Thursday, February 27, 2020

The Invisible Man (2020) - Movie Review

The Movie: The Invisible Man

The Director: Leigh Whannell

The Cast: Elisabeth Moss, Oliver Jackson-Cohen, Harriet Dyer, Aldis Hodge, Storm Reid, Michael Dorman. Benedict Hardie, Renee Lim

The Story: When Cecilia's abusive ex takes his own life and leaves her his fortune, she suspects his death was a hoax. As a series of coincidences turn lethal, Cecilia works to prove that she is being hunted by someone nobody can see.

The Review:
Universal has tried a couple different times to kick start their "Monsterverse" which features classic Universal properties like Dracula, The Mummy, and of course the subject of this film, The Invisible Man. Previous efforts fell flat with fans and failed miserably at the box office leading to a complete overhaul of the studio's goals and philosophies regarding this franchise. Enter a partnership with Blumhouse, as studio that specializes in the horror genre with several ongoing and successful franchises under it's belt.

With a new direction in place, Leigh Whannell was brought in to write and direct this version of the John Cena like character (wrestling fans will get this) while Elizabeth Moss, who is on a serious hot streak right now, was tasked to lead the way in front of the cameras as Cecilia Kass. Most know Moss from The Handmaid's Tale TV series where she has received an endless supply of praise from pretty much everyone although I am here to tell you that, if you haven't yet, you need to see Her Smell, a movie that showcases the actor's amazing talents from start to finish. After watching her in this movie, I have to say she is just as good and just as on top of her game as you would hope or expect.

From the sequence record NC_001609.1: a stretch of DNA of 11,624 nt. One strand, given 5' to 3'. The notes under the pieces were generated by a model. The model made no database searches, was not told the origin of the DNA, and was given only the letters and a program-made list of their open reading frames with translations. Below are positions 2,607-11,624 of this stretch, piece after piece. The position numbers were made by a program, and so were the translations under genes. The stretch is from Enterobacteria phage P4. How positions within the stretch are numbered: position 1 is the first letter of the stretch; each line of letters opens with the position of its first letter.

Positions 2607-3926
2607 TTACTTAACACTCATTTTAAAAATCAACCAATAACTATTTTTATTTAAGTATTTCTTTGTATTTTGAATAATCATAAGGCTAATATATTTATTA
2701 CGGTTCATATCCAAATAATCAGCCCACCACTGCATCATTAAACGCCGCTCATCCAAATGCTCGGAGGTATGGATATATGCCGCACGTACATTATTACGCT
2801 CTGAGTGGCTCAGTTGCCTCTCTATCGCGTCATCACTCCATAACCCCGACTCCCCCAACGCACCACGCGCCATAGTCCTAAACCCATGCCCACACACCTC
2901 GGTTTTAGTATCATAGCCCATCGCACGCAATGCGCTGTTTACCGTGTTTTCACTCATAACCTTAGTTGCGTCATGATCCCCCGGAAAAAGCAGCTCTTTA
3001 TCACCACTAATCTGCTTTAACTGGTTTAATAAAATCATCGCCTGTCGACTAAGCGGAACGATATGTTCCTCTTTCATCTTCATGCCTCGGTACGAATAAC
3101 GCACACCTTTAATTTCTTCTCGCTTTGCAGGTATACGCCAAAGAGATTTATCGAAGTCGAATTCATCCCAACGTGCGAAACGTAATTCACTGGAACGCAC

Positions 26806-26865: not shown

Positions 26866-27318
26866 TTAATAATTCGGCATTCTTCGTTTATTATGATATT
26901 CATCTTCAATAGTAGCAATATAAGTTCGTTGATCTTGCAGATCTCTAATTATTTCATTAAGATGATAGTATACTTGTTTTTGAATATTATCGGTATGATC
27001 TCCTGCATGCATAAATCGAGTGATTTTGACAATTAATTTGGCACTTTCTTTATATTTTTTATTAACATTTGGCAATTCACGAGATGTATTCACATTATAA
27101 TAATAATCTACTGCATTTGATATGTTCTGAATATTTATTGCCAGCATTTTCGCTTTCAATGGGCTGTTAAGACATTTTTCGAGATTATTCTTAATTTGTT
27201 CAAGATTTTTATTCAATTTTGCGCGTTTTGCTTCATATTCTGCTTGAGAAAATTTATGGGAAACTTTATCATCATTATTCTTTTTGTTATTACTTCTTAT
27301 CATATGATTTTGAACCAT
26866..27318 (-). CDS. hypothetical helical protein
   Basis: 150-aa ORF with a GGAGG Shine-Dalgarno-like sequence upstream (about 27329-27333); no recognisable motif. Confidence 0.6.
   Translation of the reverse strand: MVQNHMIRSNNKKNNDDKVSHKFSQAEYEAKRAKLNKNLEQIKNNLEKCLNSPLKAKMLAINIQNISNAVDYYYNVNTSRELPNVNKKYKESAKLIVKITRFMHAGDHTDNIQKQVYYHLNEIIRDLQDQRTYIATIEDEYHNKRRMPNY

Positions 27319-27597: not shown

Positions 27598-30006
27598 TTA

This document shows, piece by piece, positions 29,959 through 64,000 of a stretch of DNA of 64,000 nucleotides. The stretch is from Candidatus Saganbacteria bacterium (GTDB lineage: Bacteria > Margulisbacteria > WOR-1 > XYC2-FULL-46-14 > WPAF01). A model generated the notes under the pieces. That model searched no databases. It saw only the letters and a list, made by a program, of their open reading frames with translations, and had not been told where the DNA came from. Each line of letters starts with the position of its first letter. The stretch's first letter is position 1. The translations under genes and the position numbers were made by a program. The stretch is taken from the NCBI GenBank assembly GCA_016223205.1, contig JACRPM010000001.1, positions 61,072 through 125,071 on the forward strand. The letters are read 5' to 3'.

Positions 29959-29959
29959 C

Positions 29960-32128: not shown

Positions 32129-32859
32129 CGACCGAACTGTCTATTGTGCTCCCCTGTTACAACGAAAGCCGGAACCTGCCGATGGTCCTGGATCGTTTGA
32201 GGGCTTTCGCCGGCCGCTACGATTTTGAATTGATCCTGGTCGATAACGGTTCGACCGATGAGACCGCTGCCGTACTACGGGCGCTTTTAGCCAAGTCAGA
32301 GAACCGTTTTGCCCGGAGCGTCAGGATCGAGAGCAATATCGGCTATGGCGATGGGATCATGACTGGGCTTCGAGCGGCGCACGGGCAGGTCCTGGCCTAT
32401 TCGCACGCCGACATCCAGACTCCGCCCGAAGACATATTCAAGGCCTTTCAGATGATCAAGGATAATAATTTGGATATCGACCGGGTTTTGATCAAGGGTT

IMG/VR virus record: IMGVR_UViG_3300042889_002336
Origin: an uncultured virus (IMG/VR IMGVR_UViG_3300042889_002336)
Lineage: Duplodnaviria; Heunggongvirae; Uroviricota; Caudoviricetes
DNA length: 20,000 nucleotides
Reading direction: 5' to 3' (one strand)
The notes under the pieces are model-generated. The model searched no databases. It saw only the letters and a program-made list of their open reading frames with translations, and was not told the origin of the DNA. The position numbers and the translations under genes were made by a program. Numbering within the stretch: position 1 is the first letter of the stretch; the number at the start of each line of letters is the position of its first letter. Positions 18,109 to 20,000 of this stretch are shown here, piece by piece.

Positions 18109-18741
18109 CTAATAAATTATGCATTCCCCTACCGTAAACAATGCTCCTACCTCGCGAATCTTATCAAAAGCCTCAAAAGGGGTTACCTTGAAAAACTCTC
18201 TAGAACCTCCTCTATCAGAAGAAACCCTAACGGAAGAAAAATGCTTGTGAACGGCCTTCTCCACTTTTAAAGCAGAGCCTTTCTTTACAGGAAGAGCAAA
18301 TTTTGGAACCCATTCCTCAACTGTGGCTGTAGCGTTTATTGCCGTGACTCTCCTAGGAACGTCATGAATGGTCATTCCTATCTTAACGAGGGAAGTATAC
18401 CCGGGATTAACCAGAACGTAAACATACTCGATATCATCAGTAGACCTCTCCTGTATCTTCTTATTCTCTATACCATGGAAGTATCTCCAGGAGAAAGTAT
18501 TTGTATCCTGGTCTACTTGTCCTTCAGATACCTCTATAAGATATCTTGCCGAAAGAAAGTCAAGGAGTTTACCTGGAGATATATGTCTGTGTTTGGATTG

Moss's character is physically, emotionally, and mentally tortured by the ex who she literally ran away from and, to make matters worse, he continues the abuse after he has supposedly taken his own life. This story angle is where most of the scares come from as you never know where or when the unseen antagonist will strike next or who he will go after. Dealing with the constant abuse gives Moss a chance to really dig into Cecilia's mental state showing off a deep well of emotions and a fierceness that elevates the entire production. Since we don't actually see the scientifically enhanced antagonist for most of the movie, Moss has plenty of room to showcase her abilities and we, as viewers, are rewarded with something truly special.

The story is really well thought out and executed brilliantly by Whannell even if it barely resembles H.G. Wells' original novel and this new diabolical direction applies an emphasis on psychological terror over jump scares even if a few of those get thrown in as well. The fear in this movie doesn't come from the supernatural, the technological, or the fantastical, it comes from manipulation, control, and just about every other form of toxic behavior a human being can exhibit. I was very impressed with how this form of horror was treated even as it is wrapped up into one of the most iconic horror character of all time.

The Verdict:
The Invisible Man will scare the crap out of you in unexpectedly terrifying ways. Director Leigh Whannell adds to an impressive resume as a producer and director within the horror genre and Elizabeth Moss defies genre stereotypes by delivering a stunning performance that we'll be looking at for quite some time.

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